VATICAN CITY (RNS) — Ten Catholic clergymen and laypeople will answer charges of corruption and fraud from Vatican judges on Tuesday (July 27) in preparation for the largest trial ever held in the city-state and the first in memory to put a cardinal in the dock.
But the trial is in many ways as much a test of Pope Francis’ ambitious effort to overhaul the Vatican’s financial and judicial system.
For the first time ever, the Vatican released on Saturday (July 24) the annual report outlining the expenditures of its bureaucracy, known as the Curia, and its real estate and financial operations, known by its Italian acronym, APSA.
It is the latest step in a push begun by Francis’ predecessor, Pope Benedict XVI, to achieve the kind of financial standards expected of other neighboring states.
APSA has long been the most opaque of Vatican departments. Its president, Bishop Nunzio Galantino, called the release of the report “a step forward in the direction of transparency and sharing.”
According to the report, APSA made roughly $25 million in profit in 2020, a significant decrease compared to more than $86 million in earnings in 2019, a drop no doubt caused in part by the lack of tourism to the Vatican during the COVID-19 pandemic.
The Curia suffered a $78 million deficit last year, which the prefect of the Secretariat for the Economy, the Rev. Juan Antonio Guerrero Alves, described as a source of relief: One possible scenario had the deficit nearing $172 million.
“We come from a culture of secrecy, but we have learned that in economic matters transparency protects us more than secrecy,” Guerrero told Vatican News.
The upcoming trial is another showcase for Francis’ planned reforms, but big questions remain about what exactly the judges will find.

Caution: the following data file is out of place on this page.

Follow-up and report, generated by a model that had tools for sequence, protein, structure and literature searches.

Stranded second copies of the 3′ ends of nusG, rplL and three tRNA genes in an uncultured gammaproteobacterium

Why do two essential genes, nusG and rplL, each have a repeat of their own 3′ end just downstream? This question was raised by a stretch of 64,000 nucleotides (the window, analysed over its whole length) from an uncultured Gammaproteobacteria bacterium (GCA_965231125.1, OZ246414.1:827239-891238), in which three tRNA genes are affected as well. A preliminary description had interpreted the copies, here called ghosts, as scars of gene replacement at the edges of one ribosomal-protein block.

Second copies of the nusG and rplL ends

According to Vatican court documents reviewed by Religion News Service, the deals that led to five arrests of lay Vatican workers in October 2019 and the indictment of Cardinal Antonio Becciu earlier this year began in 2013, when Enrico Crasso, an investor whose Centurion Global Fund managed part of the Vatican’s portfolio, introduced Becciu to the Swiss-Italian financier Raffaele Mincione.
Mincione invited Becciu, who as the pope’s effective chief of staff, or “sustituto,” controlled money then directed by the Secretariat of State, to take a majority stake in a property in London’s Chelsea district. Once a warehouse for Harrods’ department store, the space was intended to be transformed into luxury apartments and sold.
But Vatican prosecutors say the returns on the deal were reduced by a staggering debt on the property of $103 million owed to Deutsche Bank. The project’s planning permit was also tangled up with construction on a sister property in London still owned by Mincione.
What seems to puzzle even Vatican prosecutors is that in 2013, “the Secretariat of State was well aware of discomforting reports that were circulating about Mincione, which should have suggested an approach of the utmost caution,” court documents said.
Media reports and court documents show that Mincione used the Secretariat of State’s funding to invest in other high-risk projects, ranging from failing Italian banks to obscure phone service providers to struggling Roman hospitals.